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Revision as of 12:10, 18 January 2012 by Meshca (talk | contribs) (added fetchcommand)


Gentoo is a "meta" distribution of Linux. What differentiates it from many other distributions is that every installed program is compiled from source on the local machine. In fact, the Gentoo user can choose to compile in support for only the software he/she uses. For example, a GNOME user can deliberately compile in support for GNOME/gtk and exclude support for KDE/qt. This way, all programs are optimized specifically for the system on which they're running. Many other distributions (Debian has apt, Red Hat has RPM, etc) distribute pre-compiled binaries that are ready-to-run, but are not necessarily optimized for a specific machine or system, and may include support for programs that are not (or will never be) installed. The downside to compiling everything from source is that it becomes difficult to manage dependencies. That's why Gentoo includes a "package" system (based off of BSD's Ports system) called Portage. Each piece of software that can be installed via portage exists as an 'ebuild' in the portage tree. ebuilds contain metadata about the software (such as dependencies) and of course the source to be compiled. The portage tree can be updated by syncing it with a mirror of a more current version. Installing and maintaining a Gentoo system is a great way to learn more about Linux: its transparency aids understanding, and when it breaks you usually are forced to learn something new.

Why Gentoo is Excellent

  • Gentoo's greatest positive aspect is that you are in complete control of your system. This means that if you wanted to uninstall your compiler, or bash, or the man pages, you could do so.
  • Since the portage tree is updated incrementally, once you have a Gentoo system up and running, as long as you keep up to date with the latest portage tree, you never have to install the next "version".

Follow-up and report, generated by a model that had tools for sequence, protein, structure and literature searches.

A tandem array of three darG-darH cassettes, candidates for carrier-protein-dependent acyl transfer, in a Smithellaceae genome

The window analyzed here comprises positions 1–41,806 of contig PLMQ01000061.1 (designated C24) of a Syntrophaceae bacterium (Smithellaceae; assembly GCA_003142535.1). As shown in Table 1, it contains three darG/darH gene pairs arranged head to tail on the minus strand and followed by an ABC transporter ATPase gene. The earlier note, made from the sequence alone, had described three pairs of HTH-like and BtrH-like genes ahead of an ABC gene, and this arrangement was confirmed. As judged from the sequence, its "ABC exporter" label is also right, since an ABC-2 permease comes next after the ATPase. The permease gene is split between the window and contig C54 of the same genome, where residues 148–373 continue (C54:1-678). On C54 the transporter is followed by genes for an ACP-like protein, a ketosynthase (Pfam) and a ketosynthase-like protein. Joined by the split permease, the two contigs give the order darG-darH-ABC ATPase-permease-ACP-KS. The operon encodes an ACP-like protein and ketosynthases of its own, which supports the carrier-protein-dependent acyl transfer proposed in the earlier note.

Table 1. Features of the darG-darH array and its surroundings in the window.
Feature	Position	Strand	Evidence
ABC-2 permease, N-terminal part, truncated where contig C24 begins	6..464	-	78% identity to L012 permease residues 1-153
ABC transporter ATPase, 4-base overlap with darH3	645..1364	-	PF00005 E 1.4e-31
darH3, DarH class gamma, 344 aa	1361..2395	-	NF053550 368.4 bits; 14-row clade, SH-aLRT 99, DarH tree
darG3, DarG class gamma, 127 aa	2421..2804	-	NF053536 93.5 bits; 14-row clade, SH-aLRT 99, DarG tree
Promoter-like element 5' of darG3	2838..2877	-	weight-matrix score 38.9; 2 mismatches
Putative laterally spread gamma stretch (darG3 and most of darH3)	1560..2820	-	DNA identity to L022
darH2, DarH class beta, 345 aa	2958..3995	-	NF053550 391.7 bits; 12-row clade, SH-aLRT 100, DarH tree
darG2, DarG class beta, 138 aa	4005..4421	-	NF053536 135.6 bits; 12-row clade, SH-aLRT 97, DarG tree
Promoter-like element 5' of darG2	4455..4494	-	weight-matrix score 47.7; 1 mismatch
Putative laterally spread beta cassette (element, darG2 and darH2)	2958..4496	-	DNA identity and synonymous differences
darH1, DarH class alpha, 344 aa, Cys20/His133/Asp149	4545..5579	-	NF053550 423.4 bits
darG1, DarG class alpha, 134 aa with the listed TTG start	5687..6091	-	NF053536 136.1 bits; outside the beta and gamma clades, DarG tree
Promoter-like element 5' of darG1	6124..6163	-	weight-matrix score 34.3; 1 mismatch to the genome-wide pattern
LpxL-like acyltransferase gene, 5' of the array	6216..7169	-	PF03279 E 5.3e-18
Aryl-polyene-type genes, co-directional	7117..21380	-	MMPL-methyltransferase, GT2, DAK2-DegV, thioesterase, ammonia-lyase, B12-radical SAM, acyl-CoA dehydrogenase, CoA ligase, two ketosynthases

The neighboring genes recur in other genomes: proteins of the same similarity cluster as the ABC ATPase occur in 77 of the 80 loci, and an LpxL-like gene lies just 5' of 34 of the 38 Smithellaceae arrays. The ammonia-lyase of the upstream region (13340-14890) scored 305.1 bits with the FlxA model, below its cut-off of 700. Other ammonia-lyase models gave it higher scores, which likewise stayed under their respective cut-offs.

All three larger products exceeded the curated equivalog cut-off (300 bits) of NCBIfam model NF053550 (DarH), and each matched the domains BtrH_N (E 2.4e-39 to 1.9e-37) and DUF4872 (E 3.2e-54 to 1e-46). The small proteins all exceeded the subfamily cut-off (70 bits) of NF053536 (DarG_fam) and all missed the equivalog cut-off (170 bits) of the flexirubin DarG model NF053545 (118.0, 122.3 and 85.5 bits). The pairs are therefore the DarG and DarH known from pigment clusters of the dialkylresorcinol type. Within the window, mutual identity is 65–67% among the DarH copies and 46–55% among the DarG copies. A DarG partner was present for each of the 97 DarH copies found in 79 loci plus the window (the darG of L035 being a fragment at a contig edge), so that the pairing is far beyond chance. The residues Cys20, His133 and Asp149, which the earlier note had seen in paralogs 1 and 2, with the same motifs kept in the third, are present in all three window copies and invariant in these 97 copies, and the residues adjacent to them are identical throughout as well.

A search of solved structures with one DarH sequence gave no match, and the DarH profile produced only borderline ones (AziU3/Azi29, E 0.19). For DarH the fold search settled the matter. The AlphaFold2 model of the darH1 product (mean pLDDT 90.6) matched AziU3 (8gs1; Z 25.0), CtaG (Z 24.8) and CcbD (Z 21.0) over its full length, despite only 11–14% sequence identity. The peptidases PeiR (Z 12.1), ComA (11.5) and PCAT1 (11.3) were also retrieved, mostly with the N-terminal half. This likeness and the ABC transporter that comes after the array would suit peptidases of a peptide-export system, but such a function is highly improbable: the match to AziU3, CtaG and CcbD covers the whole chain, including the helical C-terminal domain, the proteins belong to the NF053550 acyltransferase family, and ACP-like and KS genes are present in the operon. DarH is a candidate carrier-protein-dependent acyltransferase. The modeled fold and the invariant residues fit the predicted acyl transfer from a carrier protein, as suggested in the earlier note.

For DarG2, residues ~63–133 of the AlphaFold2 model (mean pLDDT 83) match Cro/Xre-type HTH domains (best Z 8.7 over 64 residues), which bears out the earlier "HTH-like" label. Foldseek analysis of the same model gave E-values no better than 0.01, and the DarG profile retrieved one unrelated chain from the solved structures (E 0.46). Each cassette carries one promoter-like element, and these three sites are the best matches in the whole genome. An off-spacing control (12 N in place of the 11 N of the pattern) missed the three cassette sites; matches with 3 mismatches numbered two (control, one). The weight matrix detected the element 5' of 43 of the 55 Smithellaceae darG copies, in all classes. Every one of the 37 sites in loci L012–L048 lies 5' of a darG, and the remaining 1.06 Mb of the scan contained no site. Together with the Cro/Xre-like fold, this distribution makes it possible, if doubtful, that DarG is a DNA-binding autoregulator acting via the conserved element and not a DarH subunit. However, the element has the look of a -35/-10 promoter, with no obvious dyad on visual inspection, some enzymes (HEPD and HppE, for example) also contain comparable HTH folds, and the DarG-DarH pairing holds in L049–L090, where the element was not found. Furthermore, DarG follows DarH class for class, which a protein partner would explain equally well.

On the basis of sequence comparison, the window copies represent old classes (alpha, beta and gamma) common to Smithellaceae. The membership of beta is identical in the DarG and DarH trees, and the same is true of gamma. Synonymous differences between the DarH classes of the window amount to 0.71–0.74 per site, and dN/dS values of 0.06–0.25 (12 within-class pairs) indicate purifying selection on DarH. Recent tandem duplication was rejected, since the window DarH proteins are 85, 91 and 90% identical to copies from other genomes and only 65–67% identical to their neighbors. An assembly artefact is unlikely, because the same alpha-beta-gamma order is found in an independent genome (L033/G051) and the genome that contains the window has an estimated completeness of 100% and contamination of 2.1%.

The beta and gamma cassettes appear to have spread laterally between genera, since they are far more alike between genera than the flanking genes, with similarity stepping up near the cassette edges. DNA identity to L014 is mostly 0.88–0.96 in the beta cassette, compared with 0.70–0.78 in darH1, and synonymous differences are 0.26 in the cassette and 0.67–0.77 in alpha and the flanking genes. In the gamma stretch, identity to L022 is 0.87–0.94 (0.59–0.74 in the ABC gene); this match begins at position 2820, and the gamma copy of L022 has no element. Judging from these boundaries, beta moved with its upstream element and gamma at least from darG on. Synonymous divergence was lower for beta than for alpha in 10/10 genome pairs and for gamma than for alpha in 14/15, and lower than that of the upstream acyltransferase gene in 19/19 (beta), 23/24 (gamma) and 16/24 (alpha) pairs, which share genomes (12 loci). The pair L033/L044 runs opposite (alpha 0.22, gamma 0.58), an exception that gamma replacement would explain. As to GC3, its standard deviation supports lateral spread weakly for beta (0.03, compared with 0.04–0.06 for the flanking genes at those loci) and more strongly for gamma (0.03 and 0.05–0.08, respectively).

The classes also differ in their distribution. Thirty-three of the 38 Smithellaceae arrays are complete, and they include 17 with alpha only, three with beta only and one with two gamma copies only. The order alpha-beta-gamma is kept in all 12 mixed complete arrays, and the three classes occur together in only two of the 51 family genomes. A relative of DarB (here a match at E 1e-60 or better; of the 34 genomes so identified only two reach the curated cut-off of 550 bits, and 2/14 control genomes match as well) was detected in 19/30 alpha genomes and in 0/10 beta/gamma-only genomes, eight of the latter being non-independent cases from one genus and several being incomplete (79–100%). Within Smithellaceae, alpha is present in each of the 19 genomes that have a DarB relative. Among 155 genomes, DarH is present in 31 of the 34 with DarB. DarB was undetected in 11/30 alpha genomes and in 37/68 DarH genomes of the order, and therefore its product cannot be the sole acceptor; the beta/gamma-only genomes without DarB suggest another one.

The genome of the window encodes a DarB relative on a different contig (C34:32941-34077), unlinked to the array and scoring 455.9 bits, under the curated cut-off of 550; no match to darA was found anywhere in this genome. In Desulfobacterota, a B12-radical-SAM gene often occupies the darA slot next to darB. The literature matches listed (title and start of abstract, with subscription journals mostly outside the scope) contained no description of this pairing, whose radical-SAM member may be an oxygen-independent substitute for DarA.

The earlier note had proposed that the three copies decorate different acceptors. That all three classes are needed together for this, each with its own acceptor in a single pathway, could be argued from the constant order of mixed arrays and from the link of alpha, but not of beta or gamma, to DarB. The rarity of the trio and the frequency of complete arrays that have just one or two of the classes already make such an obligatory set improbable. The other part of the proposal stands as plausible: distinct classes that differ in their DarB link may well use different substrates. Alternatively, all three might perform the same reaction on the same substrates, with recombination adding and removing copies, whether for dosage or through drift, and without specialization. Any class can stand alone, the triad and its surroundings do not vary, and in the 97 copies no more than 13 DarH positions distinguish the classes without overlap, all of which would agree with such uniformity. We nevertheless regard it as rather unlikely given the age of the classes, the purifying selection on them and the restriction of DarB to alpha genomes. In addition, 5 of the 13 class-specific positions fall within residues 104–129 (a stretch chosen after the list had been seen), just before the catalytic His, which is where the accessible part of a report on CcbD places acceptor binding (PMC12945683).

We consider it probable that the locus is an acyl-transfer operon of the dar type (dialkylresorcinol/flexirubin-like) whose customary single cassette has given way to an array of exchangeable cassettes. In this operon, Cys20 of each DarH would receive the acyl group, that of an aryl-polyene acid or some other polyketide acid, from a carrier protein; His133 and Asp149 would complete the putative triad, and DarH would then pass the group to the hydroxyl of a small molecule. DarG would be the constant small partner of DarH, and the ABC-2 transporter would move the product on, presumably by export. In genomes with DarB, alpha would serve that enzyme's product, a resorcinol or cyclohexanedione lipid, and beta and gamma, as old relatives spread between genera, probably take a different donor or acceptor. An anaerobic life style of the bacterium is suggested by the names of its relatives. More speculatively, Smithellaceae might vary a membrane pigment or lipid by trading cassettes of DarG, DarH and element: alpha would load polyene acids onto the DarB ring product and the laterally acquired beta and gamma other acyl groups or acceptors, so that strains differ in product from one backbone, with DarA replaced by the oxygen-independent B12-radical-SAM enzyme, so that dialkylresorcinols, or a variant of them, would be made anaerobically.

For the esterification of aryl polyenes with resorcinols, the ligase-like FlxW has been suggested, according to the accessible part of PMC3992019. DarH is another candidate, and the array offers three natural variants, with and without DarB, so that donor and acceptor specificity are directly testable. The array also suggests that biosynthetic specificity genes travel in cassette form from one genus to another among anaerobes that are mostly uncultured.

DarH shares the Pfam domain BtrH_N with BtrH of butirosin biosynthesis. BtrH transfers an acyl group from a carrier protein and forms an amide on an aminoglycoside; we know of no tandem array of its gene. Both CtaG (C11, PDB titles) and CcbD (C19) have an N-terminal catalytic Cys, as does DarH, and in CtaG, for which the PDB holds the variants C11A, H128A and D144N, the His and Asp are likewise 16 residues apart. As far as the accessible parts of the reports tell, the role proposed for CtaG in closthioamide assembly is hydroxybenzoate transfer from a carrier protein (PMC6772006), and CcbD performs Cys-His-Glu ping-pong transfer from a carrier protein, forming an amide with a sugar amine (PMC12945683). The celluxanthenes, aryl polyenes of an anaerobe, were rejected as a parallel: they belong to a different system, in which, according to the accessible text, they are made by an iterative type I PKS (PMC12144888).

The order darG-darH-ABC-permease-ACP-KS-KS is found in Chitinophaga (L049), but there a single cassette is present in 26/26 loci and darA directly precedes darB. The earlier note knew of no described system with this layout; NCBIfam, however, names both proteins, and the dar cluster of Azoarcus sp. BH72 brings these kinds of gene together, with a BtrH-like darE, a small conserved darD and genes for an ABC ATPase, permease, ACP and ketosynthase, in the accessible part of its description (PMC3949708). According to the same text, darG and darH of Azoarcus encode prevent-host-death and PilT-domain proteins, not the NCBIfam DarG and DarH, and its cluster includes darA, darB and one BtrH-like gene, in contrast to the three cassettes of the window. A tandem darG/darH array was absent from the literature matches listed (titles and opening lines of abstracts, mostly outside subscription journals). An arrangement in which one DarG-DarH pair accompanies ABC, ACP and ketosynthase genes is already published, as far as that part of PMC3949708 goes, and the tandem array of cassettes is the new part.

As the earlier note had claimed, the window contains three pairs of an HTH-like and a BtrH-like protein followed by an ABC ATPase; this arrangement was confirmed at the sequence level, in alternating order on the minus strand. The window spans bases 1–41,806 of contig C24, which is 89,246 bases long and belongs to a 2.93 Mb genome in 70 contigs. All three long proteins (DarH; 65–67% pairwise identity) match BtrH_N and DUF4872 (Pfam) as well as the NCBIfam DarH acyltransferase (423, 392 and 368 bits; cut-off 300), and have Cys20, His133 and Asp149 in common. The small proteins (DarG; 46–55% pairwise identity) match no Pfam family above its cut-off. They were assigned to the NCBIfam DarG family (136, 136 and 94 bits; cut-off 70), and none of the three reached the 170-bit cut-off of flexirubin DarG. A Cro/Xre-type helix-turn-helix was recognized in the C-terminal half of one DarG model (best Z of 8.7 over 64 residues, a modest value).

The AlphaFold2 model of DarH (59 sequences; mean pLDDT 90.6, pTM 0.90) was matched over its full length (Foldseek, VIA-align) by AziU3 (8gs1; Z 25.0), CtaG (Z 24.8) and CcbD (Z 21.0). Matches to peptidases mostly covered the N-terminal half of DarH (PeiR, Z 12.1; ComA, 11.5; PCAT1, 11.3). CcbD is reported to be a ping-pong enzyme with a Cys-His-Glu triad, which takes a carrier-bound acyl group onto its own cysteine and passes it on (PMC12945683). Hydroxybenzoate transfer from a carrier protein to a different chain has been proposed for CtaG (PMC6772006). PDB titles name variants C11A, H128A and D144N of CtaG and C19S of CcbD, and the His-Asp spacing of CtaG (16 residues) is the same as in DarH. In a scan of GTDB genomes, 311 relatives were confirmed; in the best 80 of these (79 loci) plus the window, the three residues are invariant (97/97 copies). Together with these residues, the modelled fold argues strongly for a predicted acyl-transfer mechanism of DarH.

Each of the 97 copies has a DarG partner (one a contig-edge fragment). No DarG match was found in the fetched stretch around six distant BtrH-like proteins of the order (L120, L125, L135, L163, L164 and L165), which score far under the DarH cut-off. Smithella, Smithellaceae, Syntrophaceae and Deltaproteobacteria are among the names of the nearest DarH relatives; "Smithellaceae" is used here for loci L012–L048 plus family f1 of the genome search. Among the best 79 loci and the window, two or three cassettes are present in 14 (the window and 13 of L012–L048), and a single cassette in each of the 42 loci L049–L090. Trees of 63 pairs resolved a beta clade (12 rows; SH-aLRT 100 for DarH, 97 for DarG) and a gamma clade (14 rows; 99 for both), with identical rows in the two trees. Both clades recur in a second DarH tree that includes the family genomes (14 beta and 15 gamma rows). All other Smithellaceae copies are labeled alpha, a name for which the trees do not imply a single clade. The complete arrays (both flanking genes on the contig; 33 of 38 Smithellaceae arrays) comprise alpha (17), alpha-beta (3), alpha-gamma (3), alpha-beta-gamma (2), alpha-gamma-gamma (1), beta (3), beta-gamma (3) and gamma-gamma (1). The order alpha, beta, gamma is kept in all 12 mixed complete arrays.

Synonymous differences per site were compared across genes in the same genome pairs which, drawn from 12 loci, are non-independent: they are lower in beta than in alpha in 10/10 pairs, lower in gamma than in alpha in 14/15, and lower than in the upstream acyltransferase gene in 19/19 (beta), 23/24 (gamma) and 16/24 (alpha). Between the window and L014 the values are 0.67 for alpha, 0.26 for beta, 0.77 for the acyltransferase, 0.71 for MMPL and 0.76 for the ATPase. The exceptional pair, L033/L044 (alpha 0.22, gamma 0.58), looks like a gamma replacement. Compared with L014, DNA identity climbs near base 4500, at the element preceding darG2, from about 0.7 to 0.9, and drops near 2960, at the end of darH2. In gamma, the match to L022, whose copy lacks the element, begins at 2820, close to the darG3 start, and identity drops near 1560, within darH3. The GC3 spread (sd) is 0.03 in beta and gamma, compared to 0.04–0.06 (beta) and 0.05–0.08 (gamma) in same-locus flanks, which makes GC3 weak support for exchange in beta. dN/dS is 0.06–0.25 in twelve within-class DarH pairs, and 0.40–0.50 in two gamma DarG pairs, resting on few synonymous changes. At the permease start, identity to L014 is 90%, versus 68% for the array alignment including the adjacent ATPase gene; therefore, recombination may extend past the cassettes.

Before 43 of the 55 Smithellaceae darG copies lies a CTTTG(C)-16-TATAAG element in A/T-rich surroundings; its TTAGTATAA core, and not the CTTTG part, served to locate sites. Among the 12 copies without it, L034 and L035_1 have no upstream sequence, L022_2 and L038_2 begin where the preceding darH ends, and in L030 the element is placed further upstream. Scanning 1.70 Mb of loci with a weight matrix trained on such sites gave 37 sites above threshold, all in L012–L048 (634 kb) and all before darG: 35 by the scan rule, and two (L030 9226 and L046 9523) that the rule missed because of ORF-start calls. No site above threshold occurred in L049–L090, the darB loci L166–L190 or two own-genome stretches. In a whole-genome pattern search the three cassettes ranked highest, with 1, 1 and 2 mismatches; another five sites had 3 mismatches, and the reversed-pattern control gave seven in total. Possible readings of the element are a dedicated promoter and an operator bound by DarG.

• Gentoo installations tend to be lightweight. Of course, this depends heavily upon the configuration.
  • Going along with the first point, a Gentoo configuration is by design easy to modify. A high level of control demands tools to ease administration tasks. Also see the next point.
  • Portage is awesome.

Why Gentoo is not so Excellent

  • With great power comes great responsibility. It is easy to mess things up. Badly.
  • Sometimes updating some ebuilds can break other ebuilds. This is most common when upgrading major components (X Windows, for example). The fix isn't always quick and easy.
  • Software available in the portage tree is generally not bleeding-edge. However, it is generally stable and well-debugged.
  • The performance benefits of CFLAGS and USE flags are perhaps a bit dubious. Nowadays, there is minimal performance loss associated with precompiled binaries.

Our Workshop

Gentoo Workshop

Syncing from the COSI Mirror

To use Clarkson's local mirror of the latest portage tree, add the following line to your make.conf (in place of an existing server, of course):

SYNC="rsync://" FETCHCOMMAND="rsync rsync://\${FILE} ${DISTDIR}"